The fourth chapter of Pesachim contains a series of Mishnayot that deal with a number of localised customs that existed in different communities. This leads to the question of what is the status of customs in Halacha.
The first problem that is encountered when trying to deal with this question is understanding the terminology. In the language of Chazal the term minhag is used for a practice that has been adopted in all communities around the world and consequently has the status comparable to any other law from the Torah. There are also customs that are based on local traditions (such as the cases in our Mishnayot) and others that depend on localised preferences that have minimal Halachic ramifications, such as what vegetable is used for karpas on Pesach. There is a need to determine the significance of the customs that appears in the Mishnah.
The classic example of a custom that has become accepted by all Jews is saying Hallel on Rosh Chodesh. The Gemara in Ta’anit (28b) states that it is not permitted to say a full Hallel for the new month and it appears in certain parts of the Jewish world that the prevailing custom was that no Hallel was said at all. However since then it has become universally accepted that a “half” Hallel is said for the new month. The dispute in the Shulchan Aruch is with regards to whether or not one should recite a blessing. Should someone today decide that it is not necessary to say Hallel at all it would seem that he would transgress a rabbinical obligation.
More significantly the Sha’ar Tzion (422:13) mentions that when women take the lulav they should make a bracha even though they are not obligated in performing the mitzvah. This is despite the fact that their taking the lulav has not been universally accepted, thus demonstrating the power of customs that contain enough halachic significance to avoid the problems of an unnecessary blessing.
These issues however only demonstrate the binding strength of the positive precept. The opposite side is seen with second day of Yom Tov which has been accepted universally. The Shulchan Aruch states that it is as binding as the first day of Yom Tov, although it does have some differences in the punishments due to its having a non-biblical status.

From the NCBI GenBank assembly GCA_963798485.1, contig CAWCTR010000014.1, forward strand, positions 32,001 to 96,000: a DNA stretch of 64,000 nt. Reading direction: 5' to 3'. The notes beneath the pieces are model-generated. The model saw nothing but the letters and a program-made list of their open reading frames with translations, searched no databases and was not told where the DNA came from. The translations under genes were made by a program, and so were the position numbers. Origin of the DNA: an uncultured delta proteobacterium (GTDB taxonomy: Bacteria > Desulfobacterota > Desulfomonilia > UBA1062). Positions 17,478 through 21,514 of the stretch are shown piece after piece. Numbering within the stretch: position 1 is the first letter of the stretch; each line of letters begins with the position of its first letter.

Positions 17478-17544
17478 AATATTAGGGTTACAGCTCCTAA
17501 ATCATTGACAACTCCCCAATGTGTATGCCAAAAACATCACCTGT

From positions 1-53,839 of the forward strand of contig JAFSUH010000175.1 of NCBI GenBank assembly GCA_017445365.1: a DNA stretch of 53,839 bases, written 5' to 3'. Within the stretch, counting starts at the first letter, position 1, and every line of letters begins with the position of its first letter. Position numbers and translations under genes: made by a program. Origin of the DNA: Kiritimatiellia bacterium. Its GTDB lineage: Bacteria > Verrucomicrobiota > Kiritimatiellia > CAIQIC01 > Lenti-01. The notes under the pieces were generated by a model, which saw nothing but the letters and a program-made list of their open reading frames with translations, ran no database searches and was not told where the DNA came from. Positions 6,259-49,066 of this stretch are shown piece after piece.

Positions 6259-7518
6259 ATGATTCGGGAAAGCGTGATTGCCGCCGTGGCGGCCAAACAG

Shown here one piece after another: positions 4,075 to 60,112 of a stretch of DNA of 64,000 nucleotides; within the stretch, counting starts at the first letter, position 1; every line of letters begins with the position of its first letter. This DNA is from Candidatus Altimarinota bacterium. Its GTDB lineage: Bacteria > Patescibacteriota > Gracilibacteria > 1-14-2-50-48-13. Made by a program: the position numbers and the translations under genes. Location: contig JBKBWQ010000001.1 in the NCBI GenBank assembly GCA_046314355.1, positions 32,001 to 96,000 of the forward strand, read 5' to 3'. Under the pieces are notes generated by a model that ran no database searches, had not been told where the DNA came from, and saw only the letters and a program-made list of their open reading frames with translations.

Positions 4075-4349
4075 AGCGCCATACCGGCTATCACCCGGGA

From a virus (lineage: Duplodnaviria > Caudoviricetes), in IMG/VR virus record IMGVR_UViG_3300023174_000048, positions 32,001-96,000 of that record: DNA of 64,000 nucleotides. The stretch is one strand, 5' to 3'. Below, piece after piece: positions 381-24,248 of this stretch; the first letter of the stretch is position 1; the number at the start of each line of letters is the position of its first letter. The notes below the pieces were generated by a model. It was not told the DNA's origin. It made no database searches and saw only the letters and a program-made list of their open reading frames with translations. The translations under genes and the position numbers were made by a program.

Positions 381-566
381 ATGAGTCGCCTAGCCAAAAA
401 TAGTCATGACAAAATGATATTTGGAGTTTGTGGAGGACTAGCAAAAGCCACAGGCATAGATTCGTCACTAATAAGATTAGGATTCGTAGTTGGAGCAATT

From the above sources we may be able to infer that the customs spoken of in Pesachim are as binding in Halacha as any other statement of Chazal. In fact this is the case as brought down in both the Shulchan Aruch and the Rambam that the customs mentioned are absolutely binding, even though they are purely local in their status. Someone’s custom would not move with him if he relocates, rather the custom would be focused on the location of the community.
The ways that these customs relate to Halacha is brought in the Rambam in his introduction to the Yad Chazakah where he states that originally customs were centrally controlled and were therefore universal, but since the decentralisation of Halacha, customs have become far more localised, until the time when the authority can once again become centralised under the Sanhedrin. Based on this the localised customs of today are just as binding as the global customs of the Gemara. The Rambam takes this idea one step further in the first chapter of Hilchot Mamrim where he states that anyone who ignores one of the customs ignores the positive commandment of על פי התורה אשר יורוך. Even though there are many authorities that dispute making rabbinic customs into a biblical commandment, the binding nature of the traditions on the local communities is still accepted.
Daniel Shfarber in his book Minhagei Yisrael quotes from Otzar Ge’onim that the very fact that the customs have become standard in a number of communities proves their significance in a halachic sense, and makes them binding upon us. Although some traditions do not stretch back to the time of Moshe at Har Sinai, the authorities consider them significant. Nonetheless the nature of customs has changed from being location-based to the family-traditions regardless of their current location.
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